Henry VI, Part 3

Shakespeare’s Early Play Still Shocking

Lit Moon Presents <em>Henry VI, Part 3</em>
David Bazemore

The “parental advisory” notice on the door of the Center Stage Theater must contain the understatement of the month. It warns potential patrons that Henry VI, Part 3 contains “some violent scenes.”

That it does. For instance, there’s the scene in which two people decapitate a third, using a hacksaw. We don’t see any actual slicing, but we watch the victim’s legs and feet twitch helplessly as we hear his agonized moans. Welcome to the gruesome world of early Shakespeare.

Having graphically shown us the horror of hand-to-hand combat, director John Blondell opts for a more stylized approach to the bulk of the battle scenes. Acts of unspeakable brutality are mimed, repeatedly and ferociously, with red-tipped poles standing in for bloodied swords. It’s all quite horrifying, and rightly so: Henry VI, Part 3 depicts a civil war, and as we know from American history, civil wars tend to be the most vicious of all.

In what is perhaps the most famous scene of this seldom-produced play, one soldier realizes the man he has just slain is his father, while another realizes the opponent he has just killed is his son. And for what? There’s no “right” or “wrong” side in this struggle for the English throne; there’s just a palpable sense that animalistic instincts have been unleashed, and that events have spun wildly out of control.

Blondell’s fast-moving, emotionally shattering production is a landmark for all sorts of reasons. First, it kicks off the 20th year of his always innovative Lit Moon Theatre Company. Second, it’s a trial run of sorts for the locally based director, who will be staging this play again in London in May as part of the Globe Theatre’s ambitious World Shakespeare Festival.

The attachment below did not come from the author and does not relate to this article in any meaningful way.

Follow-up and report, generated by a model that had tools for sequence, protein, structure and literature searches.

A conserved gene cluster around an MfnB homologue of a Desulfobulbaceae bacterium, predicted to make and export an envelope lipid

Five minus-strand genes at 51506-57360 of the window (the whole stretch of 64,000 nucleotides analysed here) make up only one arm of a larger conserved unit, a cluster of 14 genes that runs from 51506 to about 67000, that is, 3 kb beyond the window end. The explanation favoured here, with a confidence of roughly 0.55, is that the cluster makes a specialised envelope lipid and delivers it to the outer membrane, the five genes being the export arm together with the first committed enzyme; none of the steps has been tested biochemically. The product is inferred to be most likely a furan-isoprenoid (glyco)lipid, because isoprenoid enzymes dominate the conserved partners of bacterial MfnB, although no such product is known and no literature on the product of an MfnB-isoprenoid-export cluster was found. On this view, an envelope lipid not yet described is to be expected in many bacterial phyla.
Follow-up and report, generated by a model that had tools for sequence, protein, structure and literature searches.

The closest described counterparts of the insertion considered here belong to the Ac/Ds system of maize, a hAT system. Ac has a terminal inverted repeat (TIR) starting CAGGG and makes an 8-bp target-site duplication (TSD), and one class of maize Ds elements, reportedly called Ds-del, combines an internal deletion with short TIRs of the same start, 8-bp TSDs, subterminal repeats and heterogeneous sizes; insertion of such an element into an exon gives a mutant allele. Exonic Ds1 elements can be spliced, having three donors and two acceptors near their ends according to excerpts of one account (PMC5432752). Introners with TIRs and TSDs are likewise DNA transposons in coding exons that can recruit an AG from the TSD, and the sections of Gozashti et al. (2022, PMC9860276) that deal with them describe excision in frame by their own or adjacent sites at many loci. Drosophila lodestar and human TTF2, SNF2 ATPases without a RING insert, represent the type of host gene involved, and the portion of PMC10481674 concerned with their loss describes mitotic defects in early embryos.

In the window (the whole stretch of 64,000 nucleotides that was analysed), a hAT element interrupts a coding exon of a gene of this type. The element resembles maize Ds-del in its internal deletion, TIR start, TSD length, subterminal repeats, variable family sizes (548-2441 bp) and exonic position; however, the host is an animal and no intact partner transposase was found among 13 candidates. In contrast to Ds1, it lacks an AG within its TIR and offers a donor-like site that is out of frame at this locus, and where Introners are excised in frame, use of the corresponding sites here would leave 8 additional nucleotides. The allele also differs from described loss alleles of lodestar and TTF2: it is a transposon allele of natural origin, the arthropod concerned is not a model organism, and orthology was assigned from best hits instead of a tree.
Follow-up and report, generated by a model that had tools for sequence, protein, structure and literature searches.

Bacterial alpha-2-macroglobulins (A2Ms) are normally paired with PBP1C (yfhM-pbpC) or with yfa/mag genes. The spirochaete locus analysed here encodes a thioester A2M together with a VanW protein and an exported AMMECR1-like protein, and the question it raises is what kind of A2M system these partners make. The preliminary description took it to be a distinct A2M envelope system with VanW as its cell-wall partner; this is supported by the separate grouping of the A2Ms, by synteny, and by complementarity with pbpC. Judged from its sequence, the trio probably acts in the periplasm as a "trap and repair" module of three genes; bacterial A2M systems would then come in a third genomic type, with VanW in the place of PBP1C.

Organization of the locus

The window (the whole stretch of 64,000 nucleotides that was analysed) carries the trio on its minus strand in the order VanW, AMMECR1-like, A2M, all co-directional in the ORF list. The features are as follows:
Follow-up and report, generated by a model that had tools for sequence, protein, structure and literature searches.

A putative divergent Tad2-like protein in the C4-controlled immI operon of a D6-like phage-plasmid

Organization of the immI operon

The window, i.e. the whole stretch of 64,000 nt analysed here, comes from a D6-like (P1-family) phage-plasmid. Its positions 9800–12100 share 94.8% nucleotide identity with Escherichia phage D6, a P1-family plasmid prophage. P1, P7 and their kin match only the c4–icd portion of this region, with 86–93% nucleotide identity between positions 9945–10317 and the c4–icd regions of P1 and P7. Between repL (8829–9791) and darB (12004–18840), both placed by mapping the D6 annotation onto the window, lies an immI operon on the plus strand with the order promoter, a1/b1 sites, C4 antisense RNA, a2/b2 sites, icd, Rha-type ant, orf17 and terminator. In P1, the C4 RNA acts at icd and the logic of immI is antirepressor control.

Finally, it’s a rare chance to see an important but underappreciated Shakespeare work. Part of the first cycle of history plays, Henry VI, Part 3 immediately precedes Richard III, and that malevolent hunchback (Marie Ponce) is a major player in this work, already scheming to get to the throne.

The title character is a sad figure. King Henry VI (Victoria Finlayson) is portrayed as a decent, compassionate, but ineffectual man who is no match for his fierce, ambitious opponents—not to mention his fierce, ambitious allies. In the first scene, the monarch attempts to head off conflict by agreeing to a compromise: He will remain king until his death, at which point, his opponent, York (Stanley Hoffman), will take the throne. But partisans on both sides fiercely oppose this arrangement. Soon the weak Henry is effectively shoved aside, and war is at hand.

Cutting the play down to a brisk two and three-quarter hours, Blondell clearly charts its many reversals and ironies, even finding a surprising amount of humor. The subdued costumes (created by the company) suggest we’re somewhere near the present day, but anachronisms are, for the most part, skillfully avoided. A couple of questionable late-inning choices notwithstanding (balloons?), the production wisely avoids gimmicks, relying on the talent of a superb group of actors who consistently convey the grim tale’s intense emotions.

The casting is gender-blind. Finlayson beautifully embodies the title character, playing up his neediness as well as his essential goodness. This Henry really is a lost soul. Ponce is an appropriately creepy Richard; her tendency to rock while standing in place conveys both the character’s discomfort and his impatience. Diana Small doesn’t fully convey the tiger-like nature of Margaret, Henry’s queen, but she comes through in the deeply moving final scenes, mourning the one death she didn’t see coming, and couldn’t imagine occurring.

Jeff Mills, Brian Harwell, and Hoffman do superb work in a variety of roles. Jim Connolly’s bass-and-percussion-heavy score contributes greatly to the sense we’ve entered a world gone mad.


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